Last week the Xamarin Partner Summit took place in Amsterdam. The Xamarin Partner Summit is a summit for partners of Xamarin funnily enough. Having the privilege of working with XABLU, a 100% Xamarin focussed company and a Xamarin premier consulting partner based in the Netherlands, we were duly invited.
There were two possible tracks to take; Business or Technical (Intermediate/Advanced). Naturally I followed the advanced technical track hosted by Colby Williams.
One of the key points I took away from the talk was the idea of modularizing your code. Xamarin always promotes the idea of code reuse between platforms, but what about reusing code between applications. When writing code, we should not be writing to only satisfy the current problem we are solving, but think of writing the code in a way that can be reused.
This involves naming your methods and classes with a more generic convention and abstracting them appropriately. Then, instead of copy pasting this code between projects, create Nuget packages. An added benefit to this is that you have access to some versioning functionality allowing you to have appropriate versions of the package in different applications.
Another important and simpler way of modularizing your code is to use plugins as often as possible. You don’t need me to tell you the benefits of avoiding the reinvention of established code solutions.
What was interesting was to hear how many of the other Xamarin experts implement their images. Most implemented them in the traditional way (5 different pixel density versions in Android and 3 in iOS). Some, including myself a couple times, used fonts. This surprised Colby as he uses and expected others to use Vectors (pdf in iOS). This provides a better solution for scaling between devices and avoiding the aforementioned pitfalls. However, vectors come with their own problems which are mentioned in this article by Florina Muntenescu.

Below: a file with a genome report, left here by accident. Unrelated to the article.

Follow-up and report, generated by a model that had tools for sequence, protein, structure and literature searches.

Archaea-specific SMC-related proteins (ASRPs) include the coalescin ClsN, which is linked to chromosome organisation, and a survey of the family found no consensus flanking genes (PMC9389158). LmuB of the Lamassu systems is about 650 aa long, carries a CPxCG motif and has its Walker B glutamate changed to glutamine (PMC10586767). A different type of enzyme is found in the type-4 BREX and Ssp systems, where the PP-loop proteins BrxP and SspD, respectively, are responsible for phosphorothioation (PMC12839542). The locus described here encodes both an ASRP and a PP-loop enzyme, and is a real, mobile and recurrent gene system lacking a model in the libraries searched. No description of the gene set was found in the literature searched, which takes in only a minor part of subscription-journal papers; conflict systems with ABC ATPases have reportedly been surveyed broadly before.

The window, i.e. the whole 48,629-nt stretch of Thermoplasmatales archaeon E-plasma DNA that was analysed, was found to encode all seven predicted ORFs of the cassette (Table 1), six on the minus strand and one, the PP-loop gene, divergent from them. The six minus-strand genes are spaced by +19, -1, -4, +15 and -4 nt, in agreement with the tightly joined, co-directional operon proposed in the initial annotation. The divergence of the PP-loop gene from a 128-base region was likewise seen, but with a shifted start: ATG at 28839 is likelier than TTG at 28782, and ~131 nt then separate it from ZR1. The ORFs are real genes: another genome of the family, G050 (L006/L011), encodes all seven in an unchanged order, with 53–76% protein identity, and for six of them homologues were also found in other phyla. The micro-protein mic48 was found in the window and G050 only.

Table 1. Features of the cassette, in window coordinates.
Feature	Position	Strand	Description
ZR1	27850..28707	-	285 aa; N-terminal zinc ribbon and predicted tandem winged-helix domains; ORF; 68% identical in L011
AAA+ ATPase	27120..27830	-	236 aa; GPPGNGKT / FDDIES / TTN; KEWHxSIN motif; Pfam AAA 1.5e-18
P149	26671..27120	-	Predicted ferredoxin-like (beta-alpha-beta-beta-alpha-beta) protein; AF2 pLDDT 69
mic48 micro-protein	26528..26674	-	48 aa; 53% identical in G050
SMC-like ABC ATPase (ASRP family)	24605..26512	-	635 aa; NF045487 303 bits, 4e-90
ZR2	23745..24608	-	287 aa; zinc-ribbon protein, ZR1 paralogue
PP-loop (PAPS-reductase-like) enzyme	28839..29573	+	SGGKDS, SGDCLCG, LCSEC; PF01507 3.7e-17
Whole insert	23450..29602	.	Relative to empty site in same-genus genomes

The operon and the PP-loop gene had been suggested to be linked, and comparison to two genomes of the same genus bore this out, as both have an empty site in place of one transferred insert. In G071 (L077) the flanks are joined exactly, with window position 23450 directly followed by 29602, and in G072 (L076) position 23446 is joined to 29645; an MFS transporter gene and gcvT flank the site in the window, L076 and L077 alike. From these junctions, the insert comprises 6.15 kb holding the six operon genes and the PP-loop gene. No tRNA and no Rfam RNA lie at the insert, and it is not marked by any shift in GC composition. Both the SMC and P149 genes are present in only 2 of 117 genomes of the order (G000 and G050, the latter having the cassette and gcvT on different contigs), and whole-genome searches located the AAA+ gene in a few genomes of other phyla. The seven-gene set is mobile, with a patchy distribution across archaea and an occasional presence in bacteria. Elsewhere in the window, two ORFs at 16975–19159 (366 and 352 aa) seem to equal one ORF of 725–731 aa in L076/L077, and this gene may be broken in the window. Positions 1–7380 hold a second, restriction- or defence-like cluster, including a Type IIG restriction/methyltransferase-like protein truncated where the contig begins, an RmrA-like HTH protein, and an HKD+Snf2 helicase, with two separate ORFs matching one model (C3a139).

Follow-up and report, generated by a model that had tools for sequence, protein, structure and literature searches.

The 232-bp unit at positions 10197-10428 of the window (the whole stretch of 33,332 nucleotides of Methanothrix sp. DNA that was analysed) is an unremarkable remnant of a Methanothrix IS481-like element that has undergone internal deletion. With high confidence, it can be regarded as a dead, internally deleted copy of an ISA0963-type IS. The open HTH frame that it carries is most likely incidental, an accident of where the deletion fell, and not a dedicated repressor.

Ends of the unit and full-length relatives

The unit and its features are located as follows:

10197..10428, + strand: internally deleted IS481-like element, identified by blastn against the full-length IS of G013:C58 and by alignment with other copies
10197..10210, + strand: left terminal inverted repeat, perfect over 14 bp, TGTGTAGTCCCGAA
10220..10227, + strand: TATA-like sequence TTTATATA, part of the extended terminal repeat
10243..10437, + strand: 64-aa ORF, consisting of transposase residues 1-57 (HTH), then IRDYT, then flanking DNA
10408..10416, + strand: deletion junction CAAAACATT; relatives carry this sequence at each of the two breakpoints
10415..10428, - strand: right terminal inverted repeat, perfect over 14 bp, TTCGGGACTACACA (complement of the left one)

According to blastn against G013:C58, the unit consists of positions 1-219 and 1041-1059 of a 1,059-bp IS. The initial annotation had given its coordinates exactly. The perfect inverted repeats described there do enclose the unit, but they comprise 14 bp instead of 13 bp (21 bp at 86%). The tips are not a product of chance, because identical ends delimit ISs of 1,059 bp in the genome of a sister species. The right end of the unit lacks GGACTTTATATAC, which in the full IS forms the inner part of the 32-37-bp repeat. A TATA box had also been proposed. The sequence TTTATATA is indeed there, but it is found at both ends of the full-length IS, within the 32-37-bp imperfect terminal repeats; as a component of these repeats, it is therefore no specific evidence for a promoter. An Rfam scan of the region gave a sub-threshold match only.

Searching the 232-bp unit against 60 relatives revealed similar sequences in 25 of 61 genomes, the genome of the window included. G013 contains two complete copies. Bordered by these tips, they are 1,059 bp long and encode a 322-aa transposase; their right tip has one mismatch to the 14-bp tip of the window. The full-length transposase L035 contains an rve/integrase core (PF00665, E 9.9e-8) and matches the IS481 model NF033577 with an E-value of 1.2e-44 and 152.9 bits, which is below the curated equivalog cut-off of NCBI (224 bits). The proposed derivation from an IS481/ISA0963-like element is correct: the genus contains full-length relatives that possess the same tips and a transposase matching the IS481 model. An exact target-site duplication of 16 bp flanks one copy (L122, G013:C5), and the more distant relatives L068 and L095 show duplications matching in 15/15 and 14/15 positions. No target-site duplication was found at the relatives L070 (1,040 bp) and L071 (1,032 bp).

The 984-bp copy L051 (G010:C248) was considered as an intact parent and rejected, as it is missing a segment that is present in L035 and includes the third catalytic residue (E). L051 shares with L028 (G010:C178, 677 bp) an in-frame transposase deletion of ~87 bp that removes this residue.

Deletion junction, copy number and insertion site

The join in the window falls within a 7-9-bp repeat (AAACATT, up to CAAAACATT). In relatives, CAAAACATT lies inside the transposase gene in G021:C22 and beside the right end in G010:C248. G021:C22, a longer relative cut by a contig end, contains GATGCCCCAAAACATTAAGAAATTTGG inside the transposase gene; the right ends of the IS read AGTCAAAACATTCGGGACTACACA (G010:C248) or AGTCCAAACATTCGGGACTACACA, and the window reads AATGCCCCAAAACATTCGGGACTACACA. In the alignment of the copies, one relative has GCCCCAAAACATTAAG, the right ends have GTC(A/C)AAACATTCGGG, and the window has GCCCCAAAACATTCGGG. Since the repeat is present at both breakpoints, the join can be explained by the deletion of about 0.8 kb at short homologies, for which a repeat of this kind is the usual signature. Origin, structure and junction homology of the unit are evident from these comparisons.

Sometimes a contentious issue between Xamarin developers, we were hesitantly asked for our views on this platform. There needn’t have been any hesitation as everyone seemed to be fairly open minded and almost all on the same page.
The consensus was that Forms is useful in certain scenarios and circumstances, but ultimately it was a magic pill that was not a long term solution for any application.
Forms constrains the UI designer, which will have an impact on the end user experience, and end users don’t care about how much code you managed to share between platforms. To provide a custom platform specific UI for the end user, custom renderers will have to be made for every page and for every platform, defeating the purpose of Forms being the ultimate code sharing tool.
Furthermore, Forms hides the underlying platform specific environment, preventing the developer from having a real understanding of the platform and mobile development.
However, the appeal of forms is understandable. Many companies have .Net developers with C# and XAML skills that can be transferred into the Xamarin Forms environment. And with companies realising that they must have a mobile solution, backed by the lack of Xamarin professionals available, Xamarin Forms seems like a perfect solution.
The event was a great experience. The best part was the chance to talk with many Xamarin developers from around the world about our thoughts, concerns and excitement for the future.
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